I bloody love men. I love almost everything about them: the banter, the directness, the chivalry and the everyday interactions that draw us to one another. Not so much, the lack of emotional intelligence and that fart when you take a slash first thing in the morning. But hey, women have long given up expecting perfection so we’ve learned to live with those things. I’m lucky to have excellent men in my life, and like with most things, you get what you tolerate.
Tuesday was International Men’s Day — a day slated to thank the XYs for their contribution and raise awareness for men’s health issues. And I know the male currency has been in steady decline in recent years so I thought I would casually Tweet a thank you to all the gents out there doing the hard yakka and the heavy lifting. I didn’t think much of it until I received a barrage of thank yous in return — from all sorts of men, of all ages, just grateful that there was one woman in the world who didn’t think they were all evil. Happily, some women echoed my sentiments, most of whom were proud wives to, and mothers of, you guessed it, men. But I felt a real pang of sadness that in this modern world, full of innovations and improvements, that normal everyday blokes feel disenfranchised, maligned and unvalued. While we have taken to blaming men for pretty much everything that is wrong with the world, for some reason, I didn’t quite expect they took it so much to heart.
Do I think the majority believes men are bad? Of course not. Most women have men in their lives — I’m sure in some instances they’re arseholes, in many instances they are at least tolerable, but in most they are loved, respected and cherished. Since the beginning of time, the relationship between men and women has been critical to human evolution and progress –- a companionship that has helped human beings survive the often turbulent vicissitudes of life. But the last century, which is just a sliver in the context of time, has seen an unprecedented change in the relationship between the genders (yes, all two of them). And while we women have become more educated and independent, men seem to have been left behind: their sense of self receding and their purpose called into question.
So I wanted to write a piece dedicated to all the good men out there. You know who you are. Those guys who, by some miracle, manage to get through their day without patronising, manspreading, raping or belting up their wives. If you watch the ABC or read the Guardian, it’s not hard to reach the conclusion that white men are totally non grata and the only things they are permitted to do is pay tax and self-flagellate. If you’re not white, you get a bit more leeway, but don’t get too excited -– you’re still a bloke, and consequently, your apparent toxicity permeates and destroys this otherwise utopian world. You’d think good men were an endangered species, bordering on extinction. But you’re not. You’re everywhere — but you’ve just realised you’ve a target painted on your back and so you keep your head down while the bullets whizz past your ears.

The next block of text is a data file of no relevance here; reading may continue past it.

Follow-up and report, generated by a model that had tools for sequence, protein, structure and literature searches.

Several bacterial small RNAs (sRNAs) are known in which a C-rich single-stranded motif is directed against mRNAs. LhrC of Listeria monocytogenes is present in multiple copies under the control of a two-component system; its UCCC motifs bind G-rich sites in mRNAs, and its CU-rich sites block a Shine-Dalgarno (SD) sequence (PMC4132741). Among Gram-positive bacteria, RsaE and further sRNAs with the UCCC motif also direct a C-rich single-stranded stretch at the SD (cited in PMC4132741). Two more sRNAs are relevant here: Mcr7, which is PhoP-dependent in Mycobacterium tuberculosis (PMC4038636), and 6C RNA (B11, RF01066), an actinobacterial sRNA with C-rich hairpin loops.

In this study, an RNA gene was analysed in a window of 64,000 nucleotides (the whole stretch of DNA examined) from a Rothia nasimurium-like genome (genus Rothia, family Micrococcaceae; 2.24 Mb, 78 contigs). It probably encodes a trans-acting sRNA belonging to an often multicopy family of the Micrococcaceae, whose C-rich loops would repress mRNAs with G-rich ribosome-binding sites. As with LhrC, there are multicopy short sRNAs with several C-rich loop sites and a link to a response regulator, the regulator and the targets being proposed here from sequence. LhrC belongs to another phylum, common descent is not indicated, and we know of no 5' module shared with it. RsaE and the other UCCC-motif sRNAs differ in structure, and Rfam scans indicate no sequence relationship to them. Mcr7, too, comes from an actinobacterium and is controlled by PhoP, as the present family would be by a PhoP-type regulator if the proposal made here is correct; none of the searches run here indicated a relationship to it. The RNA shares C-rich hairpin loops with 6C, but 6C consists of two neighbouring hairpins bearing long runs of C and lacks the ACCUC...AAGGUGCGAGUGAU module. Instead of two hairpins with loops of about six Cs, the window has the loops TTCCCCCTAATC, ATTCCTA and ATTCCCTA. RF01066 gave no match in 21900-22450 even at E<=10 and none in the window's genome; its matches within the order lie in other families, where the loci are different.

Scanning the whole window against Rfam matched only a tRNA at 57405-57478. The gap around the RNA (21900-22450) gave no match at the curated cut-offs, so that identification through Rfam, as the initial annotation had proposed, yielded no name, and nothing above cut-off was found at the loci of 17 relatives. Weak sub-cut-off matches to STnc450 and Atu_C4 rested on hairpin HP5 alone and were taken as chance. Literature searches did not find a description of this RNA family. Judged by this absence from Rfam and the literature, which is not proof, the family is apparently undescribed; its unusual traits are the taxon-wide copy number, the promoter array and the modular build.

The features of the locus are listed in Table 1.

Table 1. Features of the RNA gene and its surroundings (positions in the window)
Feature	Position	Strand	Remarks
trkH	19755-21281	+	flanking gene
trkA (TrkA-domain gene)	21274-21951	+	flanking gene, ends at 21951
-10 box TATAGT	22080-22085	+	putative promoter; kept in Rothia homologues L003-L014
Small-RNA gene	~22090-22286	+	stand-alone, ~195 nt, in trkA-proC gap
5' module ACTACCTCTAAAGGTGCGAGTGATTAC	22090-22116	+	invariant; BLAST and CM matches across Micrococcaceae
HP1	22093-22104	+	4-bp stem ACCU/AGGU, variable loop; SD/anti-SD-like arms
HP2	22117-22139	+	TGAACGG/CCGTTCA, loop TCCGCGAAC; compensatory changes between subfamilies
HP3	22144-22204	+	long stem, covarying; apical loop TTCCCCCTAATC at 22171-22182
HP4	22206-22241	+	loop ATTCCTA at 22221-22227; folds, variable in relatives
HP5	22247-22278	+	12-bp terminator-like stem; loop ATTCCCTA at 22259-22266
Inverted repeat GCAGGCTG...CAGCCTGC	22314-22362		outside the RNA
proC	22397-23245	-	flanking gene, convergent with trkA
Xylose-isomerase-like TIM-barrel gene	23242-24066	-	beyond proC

And while the radicals will say I internalise the patriarchy or that I am their foot soldier -– the truth is I am a woman without a master, be it a man or the sisterhood. Ironically, I am a professional, financially independent single childless woman in her 30s. I am the antithesis of the average woman of a century ago; and I would be part of the problem if I didn’t genuinely believe that humans are fundamentally good, and the affection and alliance between the two genders (yes, there are still only two) were an imperative part of the function of our society. I do genuinely feel for modern men, and I despair for boys growing up in a world that is making them feel that they are the lesser. That there is no place for them. That they are the enemy.
There are so many issues which affect men that are sidelined because caring about, and for, men does not fall into any of the categories of social justice chic. We burn massive amounts of political capital on hand-wringing about a handful of detainees on Nauru but little attention is given to increasing levels of mental health issues and suicide among men, high rates of prostate cancer, homelessness, workplace injury and fatalities, men as victims of domestic abuse, and lower life expectancy — amongst other things.
If we were truly striving to be an equitable society — a society of humanists rather than feminists — these issues would be front and centre alongside any issue which predominantly affects women. But they are not because we don’t. And that is a shame on all of us.
So as a bloody loud Australian, I call on the other man-loving sensible women out there to give the men in their lives a big hug and remind them they are valued and loved. That they are the yin to your yang. They make the journey of life that bit more fun.
To all the men out there – don’t get a big head, we love you but you still annoy the sweet bejesus out of us.
Caroline Di Russo is a lawyer, businesswomen and unrepentant nerd.
Illustration: Paramount Pictures.
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